Progress through Enigma Variations, André Aciman’s fourth novel, is best calculated not by the number of pages read, but by the strength of readerly connection with the narrator. The project is one of recognition and revelation within the reader: the book wants nothing less than the dissolution of your consciousness into its pixellated moments of psychological precision.
The novel opens with Paul, at 22, returning to the small Italian island town San Giustiniano, where he and his family had spent his childhood summers until he was 12 and where, crucially, he first fell in love. The object of his affection was an older man, a carpenter named Giovanni, or “Nanni,” a name that “meant far, far more” to Paul “than it did to anyone else.” During his visit Paul investigates the mysterious burning of his family’s summer home by the locals and in the process uncovers an open family secret, a revelation that resituates his feelings toward his father, Nanni, and himself. “We love only once in our lives,” Paul’s father told him as a boy, “sometimes too early, sometimes too late, the other times are always a touch deliberate.” Through Aciman’s smooth layering of time, we witness both Paul’s pure first love and how it has aged. This initial section also sets the stage for what’s to come: four sections, each centered on a different lover in Paul’s post-San Giustiniano life.
The novel’s title refers, at least in part, to Edward Elgar’s opus 36, Variations on an Original Theme — popularly known as the Enigma Variations — in which the composer sketched a series of variations on a theme, each representing some aspect of a real-life friend from within Elgar’s inner circle. It’s a subtle way of toying with genre, of puncturing the fictional membrane — or suggesting that’s what’s happening — to let in some nonfiction. Maybe the characters are pulled from Aciman’s life, maybe not, but the title invites such speculation, which, if anything, amplifies the novel’s photorealism. Other writers have played with this conceit (one of the most thrilling recent examples I’ve read is Laurent Binet in HHhH), but the literary progenitor here — and not just in this respect — is, of course, Marcel Proust.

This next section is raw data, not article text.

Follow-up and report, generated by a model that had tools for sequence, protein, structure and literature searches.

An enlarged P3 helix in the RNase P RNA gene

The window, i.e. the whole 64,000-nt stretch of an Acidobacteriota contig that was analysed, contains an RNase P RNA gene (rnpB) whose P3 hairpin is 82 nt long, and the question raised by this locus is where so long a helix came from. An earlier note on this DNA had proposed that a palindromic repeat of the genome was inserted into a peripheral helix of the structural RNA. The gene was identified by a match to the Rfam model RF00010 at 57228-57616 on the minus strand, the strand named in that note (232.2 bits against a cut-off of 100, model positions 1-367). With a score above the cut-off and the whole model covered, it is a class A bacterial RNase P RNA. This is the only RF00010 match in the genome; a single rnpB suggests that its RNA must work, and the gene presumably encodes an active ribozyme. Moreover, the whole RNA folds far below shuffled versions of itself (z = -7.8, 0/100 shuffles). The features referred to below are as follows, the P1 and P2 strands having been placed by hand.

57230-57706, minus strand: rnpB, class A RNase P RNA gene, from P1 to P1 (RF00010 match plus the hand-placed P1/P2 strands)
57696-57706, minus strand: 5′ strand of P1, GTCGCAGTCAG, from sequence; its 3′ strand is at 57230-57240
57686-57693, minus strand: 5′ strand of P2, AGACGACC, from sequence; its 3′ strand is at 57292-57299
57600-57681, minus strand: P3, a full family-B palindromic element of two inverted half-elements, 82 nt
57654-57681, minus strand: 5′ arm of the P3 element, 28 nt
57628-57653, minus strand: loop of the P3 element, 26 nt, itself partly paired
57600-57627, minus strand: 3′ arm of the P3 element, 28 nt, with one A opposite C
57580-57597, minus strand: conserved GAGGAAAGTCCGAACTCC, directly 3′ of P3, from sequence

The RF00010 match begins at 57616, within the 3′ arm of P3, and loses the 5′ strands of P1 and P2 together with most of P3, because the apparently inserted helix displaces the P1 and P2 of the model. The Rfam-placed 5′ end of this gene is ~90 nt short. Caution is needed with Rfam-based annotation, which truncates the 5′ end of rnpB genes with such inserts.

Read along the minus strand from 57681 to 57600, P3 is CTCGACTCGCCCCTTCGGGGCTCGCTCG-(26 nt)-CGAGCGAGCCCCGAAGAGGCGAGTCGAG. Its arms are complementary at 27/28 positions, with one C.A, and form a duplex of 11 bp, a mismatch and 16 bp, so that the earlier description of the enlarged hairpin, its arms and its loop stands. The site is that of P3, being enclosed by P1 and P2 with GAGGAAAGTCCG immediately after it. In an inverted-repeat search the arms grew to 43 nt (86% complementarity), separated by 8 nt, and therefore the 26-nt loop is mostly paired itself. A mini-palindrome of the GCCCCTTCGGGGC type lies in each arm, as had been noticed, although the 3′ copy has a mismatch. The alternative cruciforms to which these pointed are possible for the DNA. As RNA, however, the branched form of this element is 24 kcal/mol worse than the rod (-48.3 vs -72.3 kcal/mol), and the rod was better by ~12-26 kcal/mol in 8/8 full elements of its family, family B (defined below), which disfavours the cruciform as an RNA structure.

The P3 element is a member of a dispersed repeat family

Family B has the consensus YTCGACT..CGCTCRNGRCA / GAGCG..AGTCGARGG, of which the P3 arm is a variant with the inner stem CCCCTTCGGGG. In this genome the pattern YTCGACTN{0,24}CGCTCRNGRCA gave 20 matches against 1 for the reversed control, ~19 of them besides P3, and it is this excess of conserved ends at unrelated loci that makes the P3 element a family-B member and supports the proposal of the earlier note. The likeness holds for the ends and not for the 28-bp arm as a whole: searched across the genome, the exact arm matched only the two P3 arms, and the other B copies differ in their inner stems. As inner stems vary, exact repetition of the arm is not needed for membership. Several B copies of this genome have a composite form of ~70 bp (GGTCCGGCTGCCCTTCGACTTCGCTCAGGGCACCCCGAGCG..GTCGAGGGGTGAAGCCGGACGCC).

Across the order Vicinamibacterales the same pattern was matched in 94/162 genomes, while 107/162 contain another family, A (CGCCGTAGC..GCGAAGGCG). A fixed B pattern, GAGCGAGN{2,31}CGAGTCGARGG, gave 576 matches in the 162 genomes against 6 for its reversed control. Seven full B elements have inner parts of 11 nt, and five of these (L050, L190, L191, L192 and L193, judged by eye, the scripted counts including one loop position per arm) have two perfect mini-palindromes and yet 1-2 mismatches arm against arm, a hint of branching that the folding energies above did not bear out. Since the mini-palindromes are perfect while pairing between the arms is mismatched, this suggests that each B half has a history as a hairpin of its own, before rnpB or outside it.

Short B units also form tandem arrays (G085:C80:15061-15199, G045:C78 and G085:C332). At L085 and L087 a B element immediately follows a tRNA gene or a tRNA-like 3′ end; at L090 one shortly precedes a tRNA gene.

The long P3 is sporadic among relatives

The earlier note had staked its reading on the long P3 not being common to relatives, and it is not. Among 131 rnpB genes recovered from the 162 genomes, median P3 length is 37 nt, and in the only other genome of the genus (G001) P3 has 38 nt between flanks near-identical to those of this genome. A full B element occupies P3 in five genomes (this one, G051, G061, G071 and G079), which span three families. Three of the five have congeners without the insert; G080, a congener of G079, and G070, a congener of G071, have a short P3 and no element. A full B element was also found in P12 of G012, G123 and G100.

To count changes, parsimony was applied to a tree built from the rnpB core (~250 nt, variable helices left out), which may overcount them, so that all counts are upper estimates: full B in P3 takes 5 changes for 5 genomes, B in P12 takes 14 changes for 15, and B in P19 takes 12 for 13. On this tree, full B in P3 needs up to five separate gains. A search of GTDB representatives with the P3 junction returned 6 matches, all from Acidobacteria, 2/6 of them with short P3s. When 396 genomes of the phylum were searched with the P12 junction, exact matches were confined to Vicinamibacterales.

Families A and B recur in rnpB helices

Loneliness, fear of shame, unrequited love light these pages. At a dinner party in the third section, beset with desire for Manfred, a man Paul sees at the tennis courts and in the locker room but with whom he’s hardly shared a full sentence, Paul thinks, “what if each of us at this very table is a monsoon-ravaged island trying to look its best, with all of our coconut trees bending to the winds till hopelessness breaks their back and you can hear each one crash,” because, after all, “we’re each waiting for someone’s voice to tear us out of our bleak and battered husk and say, Follow me, Brother, follow me.” Here and throughout, the minute mapping of Paul’s shifting emotions convinces and compels. What Wyatt Mason in The Proust Project, a collection of essays inspired by In Search of Lost Time and edited by Aciman, has said of Proust holds true for Enigma Variations: “[E]ven as we move forward, we grow no closer to the end than we were at the beginning.” Depth, not breadth, is the treasure, and grasping after the ungraspable present along with Paul becomes the point of the quest itself.